Unilateral powers granted to the Attorney General in certain aspects of criminal proceedings were far too unreasonable, giving rise to useless delay and stalling of court cases, a judge declared on Friday.

In a judgment delivered in a breach of rights claim filed by murder suspect Adrian Agius, Mr Justice Francesco Depasquale reserved some strongly-worded comments for the state prosecutor who, along with the State Advocate, were respondents in the case.

Proceedings kicked off last October when Agius, currently under preventive arrest since his arraignment in February 2021 over his alleged involvement in the 2015 murder of lawyer Carmel Chircop, claimed that his fundamental rights were breached by court decisions citing public disorder as the main reason for denying him bail.

The proceedings were filed against the State, as represented by the Attorney General and the State Advocate, tasked with handling criminal and civil cases respectively, as well as the registrar of the criminal courts and tribunals. 

AG refusing to hand documents to State Advocate

Although the dual offices of the state put up a joint defence against the applicant’s claim, the court was informed on March 1 that the Attorney General was refusing to hand over documents from Agius’ criminal process to the State Advocate, who was handling pleas in the constitutional case. 

Such “stubbornness” on the part of the AG meant that the court itself was precluded from viewing such necessary documentation until Mr Justice Depasquale himself ordered the registrar of the criminal courts to produce some of the paperwork.

“It was truly unbelievable and incredible that in 2022 the AG could cling to such outdated procedural excuses to try to undermine the current proceedings by denying the State Advocate who, after all was appearing in the proceedings as ‘lawyer’ in the interests of the AG too,” started off Depasquale.

Such behaviour was similar to that of a person who engaged a lawyer and then refused to hand over important documentation to his attorney who was meant to defend him.

This was “certainly unbelievable, incredible and out of place”.

Such unilateral powers granted to the AG went “far beyond what could be considered as reasonable,” said the court, adding that these powers were causing “delays and useless stalling” of criminal proceedings.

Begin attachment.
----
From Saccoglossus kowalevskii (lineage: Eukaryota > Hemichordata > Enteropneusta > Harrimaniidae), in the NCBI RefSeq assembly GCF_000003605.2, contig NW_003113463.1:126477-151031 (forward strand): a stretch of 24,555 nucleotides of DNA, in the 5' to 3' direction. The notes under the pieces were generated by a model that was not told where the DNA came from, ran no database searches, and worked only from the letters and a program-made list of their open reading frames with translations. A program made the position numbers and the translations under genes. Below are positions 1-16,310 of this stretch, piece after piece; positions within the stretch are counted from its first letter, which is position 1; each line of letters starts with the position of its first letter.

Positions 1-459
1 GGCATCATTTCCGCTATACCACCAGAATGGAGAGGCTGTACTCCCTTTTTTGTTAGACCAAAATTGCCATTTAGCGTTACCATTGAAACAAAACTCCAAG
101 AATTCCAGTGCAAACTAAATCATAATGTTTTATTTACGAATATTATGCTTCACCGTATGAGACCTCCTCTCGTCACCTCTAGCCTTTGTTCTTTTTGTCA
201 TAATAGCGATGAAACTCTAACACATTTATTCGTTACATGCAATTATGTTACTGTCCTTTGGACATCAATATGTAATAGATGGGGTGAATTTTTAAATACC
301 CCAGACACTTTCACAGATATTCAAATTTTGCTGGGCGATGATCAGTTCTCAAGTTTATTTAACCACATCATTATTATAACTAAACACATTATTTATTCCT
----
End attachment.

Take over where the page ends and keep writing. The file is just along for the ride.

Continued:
The court voiced its “serious concern” about the AG’s behaviour in hope that in the near future legal amendments would be launched in a holistic manner so as to curb “such unlimited and indisputable prerogative of the AG”.

This would remedy the current situation by ensuring that “outdated procedures adopted solely to prolong and hinder criminal proceedings are completely done away with,” Depasquale finished off.

Bail denied in view of gravity of charges

The judge then shifted his focus to the merits of the claim at hand.

This rested mainly on the issue of public disorder, a subject that featured in other cases brought before the local courts, including constitutional proceedings filed by Daphne Caruana Galizia murder suspects Alfred and George Degiorgio as well as Yorgen Fenech. 

The court said that it shared the views expressed in those judgments which had observed that bail was not denied solely on the ground of public disorder but also in view of the gravity of the charges. 

In this case, the court could not help but observe that Agius was accused of the cold-blooded murder of Chircop, allegedly giving instructions and supporting the criminal organisation which executed that murder.

All three decrees delivered by the magistrates’ court denying Agius’ requests for bail, had focused on the gravity of those accusations, coupled with the notion of public disorder.

And in terms of the criminal code provision on bail, the magistrates’ court had every right to take into account “any other factor which appeared to be relevant”.

Release from preventive arrest was not automatic and the court had to assess whether the accused was in a position to abide by bail conditions.

Appeal to be filed

In this case, the charges were so serious that any court would have to weigh carefully all circumstances when deciding upon bail.

Denying bail was not to be viewed as breaching the accused’s right to personal freedom but the exercise of the court’s duty towards society in safeguarding public interest.

On the strength of records viewed by the court that public interest was “relevant and sufficient enough to justify interference with the applicant’s right to personal liberty,” concluded Depasquale, rejecting Agius’ claims. 

The applicants’ lawyers, Alfred Abela and Rene’ Darmanin, told Times of Malta that they would file an appeal. 

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